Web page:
The first episode was pretty good, but the second has fallen dramatically in quality. The main difference is that instead of Assistant D.A. played by Alfred Molina we have the one played by Terrence Dashon Howard. Instead of hustle and flow, we get a crash. But Terrence Dashon Howard is not the problem. It is a very poorly written story. Investigating a cult based on the Manson family sounds like it could be the basis for an interesting show, but they didn't make much of the material. The Echo Park Murders had supposedly terrorized the city, but if they did, it was a very faint echo. Was there really anything resembeling the Manson Family in Echo Park or elsewhere? To me, it seems like they should have just built it around the Manson Family, or used a fictional version of the Manson Family like the Shanson Family or something, that would be understood to be the Manson Family. Like in the first episode, it was obviously Lindsay Lohan, even if a lot of the details were changed, so it wasn't really Lindsay Lohan.

    The stories of L&O are always, it seems, ripped from the headlines, or ripped off from the headlines and altered in strange ways.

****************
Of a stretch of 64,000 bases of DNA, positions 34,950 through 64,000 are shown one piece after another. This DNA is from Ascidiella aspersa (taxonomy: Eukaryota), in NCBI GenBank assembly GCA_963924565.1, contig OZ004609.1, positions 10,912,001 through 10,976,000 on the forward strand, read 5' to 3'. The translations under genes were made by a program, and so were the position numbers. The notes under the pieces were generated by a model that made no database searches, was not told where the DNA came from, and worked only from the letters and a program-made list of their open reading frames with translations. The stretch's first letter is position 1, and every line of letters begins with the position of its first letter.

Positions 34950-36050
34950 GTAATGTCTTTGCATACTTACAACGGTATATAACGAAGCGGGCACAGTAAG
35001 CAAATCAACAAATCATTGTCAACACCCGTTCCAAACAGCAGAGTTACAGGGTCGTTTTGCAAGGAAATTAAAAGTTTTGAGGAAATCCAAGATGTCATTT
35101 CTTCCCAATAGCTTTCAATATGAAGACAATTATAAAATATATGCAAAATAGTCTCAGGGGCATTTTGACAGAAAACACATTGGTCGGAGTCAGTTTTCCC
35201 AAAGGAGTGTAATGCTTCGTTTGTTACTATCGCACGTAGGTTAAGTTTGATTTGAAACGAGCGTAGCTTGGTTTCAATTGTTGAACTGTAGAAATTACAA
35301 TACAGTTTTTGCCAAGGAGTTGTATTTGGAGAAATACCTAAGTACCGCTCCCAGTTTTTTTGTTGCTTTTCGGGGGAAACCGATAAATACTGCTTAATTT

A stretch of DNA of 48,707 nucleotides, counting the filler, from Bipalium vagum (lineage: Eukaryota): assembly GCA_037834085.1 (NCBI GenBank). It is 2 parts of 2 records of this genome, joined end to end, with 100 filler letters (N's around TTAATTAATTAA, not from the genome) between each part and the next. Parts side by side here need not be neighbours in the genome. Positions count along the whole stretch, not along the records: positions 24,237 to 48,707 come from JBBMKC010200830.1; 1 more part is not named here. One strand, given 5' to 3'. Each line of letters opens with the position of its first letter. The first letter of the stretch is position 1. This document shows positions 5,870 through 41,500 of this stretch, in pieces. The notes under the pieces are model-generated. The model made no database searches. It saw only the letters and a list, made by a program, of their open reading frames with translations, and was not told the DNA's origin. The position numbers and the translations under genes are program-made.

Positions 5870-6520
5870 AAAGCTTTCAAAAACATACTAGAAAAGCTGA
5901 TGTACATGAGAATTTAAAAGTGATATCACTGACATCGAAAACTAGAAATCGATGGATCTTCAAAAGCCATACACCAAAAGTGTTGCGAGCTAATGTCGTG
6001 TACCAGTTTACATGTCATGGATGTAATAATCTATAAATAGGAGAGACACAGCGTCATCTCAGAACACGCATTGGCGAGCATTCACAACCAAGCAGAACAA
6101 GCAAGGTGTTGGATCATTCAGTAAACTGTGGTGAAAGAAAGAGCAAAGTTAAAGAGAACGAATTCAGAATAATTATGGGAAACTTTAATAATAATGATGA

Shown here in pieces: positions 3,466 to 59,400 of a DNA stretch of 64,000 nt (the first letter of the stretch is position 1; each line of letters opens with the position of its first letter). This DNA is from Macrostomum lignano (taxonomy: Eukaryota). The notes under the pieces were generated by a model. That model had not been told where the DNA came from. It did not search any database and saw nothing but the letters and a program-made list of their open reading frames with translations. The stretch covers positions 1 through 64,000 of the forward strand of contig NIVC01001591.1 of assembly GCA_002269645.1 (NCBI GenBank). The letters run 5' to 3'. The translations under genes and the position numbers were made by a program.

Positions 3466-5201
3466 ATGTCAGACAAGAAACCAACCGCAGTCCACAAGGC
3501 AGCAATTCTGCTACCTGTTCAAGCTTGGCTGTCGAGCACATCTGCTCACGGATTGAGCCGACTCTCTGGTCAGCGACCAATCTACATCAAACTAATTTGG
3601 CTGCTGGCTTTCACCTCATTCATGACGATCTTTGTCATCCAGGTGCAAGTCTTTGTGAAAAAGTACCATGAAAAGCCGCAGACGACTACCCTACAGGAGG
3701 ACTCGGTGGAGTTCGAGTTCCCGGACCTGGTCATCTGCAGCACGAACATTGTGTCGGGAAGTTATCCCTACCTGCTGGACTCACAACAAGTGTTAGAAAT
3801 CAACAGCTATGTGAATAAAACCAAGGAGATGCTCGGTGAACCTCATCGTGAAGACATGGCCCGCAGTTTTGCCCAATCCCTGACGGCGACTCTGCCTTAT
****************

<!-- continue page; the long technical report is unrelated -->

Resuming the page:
Did the start using the Duh Dun sound yet? Or are they still saving that? To be perfectly honest, I fell asleep watching this, but I saw pretty much everything except I don't remember seeing Denis Watson, who was supposed to be the Charles Manson-like figure who ruled the cult from behind bars. There was a whole subplot about a possible witness or even a suspect being falsely charged with arson. She had spent time with Echo Park cult member/murder victim "Baby" Jane Lee Rayburn (Nancy Youngblut) when she was her cell mate. Did you ever see "Backdraft" with William Baldwin and Kurt Russell? Well, "Backdraft" called LOLA and they want their plot back. It seemed pointless to involve Rex Winters' wife, or if there was a point, what was it? What had she even done? It seemed like the problem may have been an incompetent arson investigator, and if so, why was retired Detective Lori Winters (Teri Polo) at fault? Peter Coyote played the D.A. who wanted to sweep the whole mess under the rug. I like Peter Coyote but here he just acts more like a weasel than a coyote. Deputy D.A. Joe Dekker (Terrence Dashon Howard) is told not to mention the shakey evidence, especially if it would harm Rex Winters' wife. Dekker just goes ahead and does it anyway. It is not very dramatic. It is kind of just abrupt with no leading up to it. There could have been a little more dramatic tension between Coyote and Howard. Det. T.J. Jaruszalski (Corey Stoll) is supposed to be Winters' partner, but he was barely given anything to say. Even Skeet Ulrich was lackluster, after an impressive beginning in the previous episode. All in all, this latest offering from Dick Wolfe is very disappointing. If this is the replacement for the mothership, the original Law & Order series that ran 20 years, almost surpassing Gunsmoke in longevity, spawning multiple successful spin-offs, than Dick Wolfe's franchise is in serious trouble. This won't make it 20 years. It will be lucky if it isn't canceled in 20 minutes.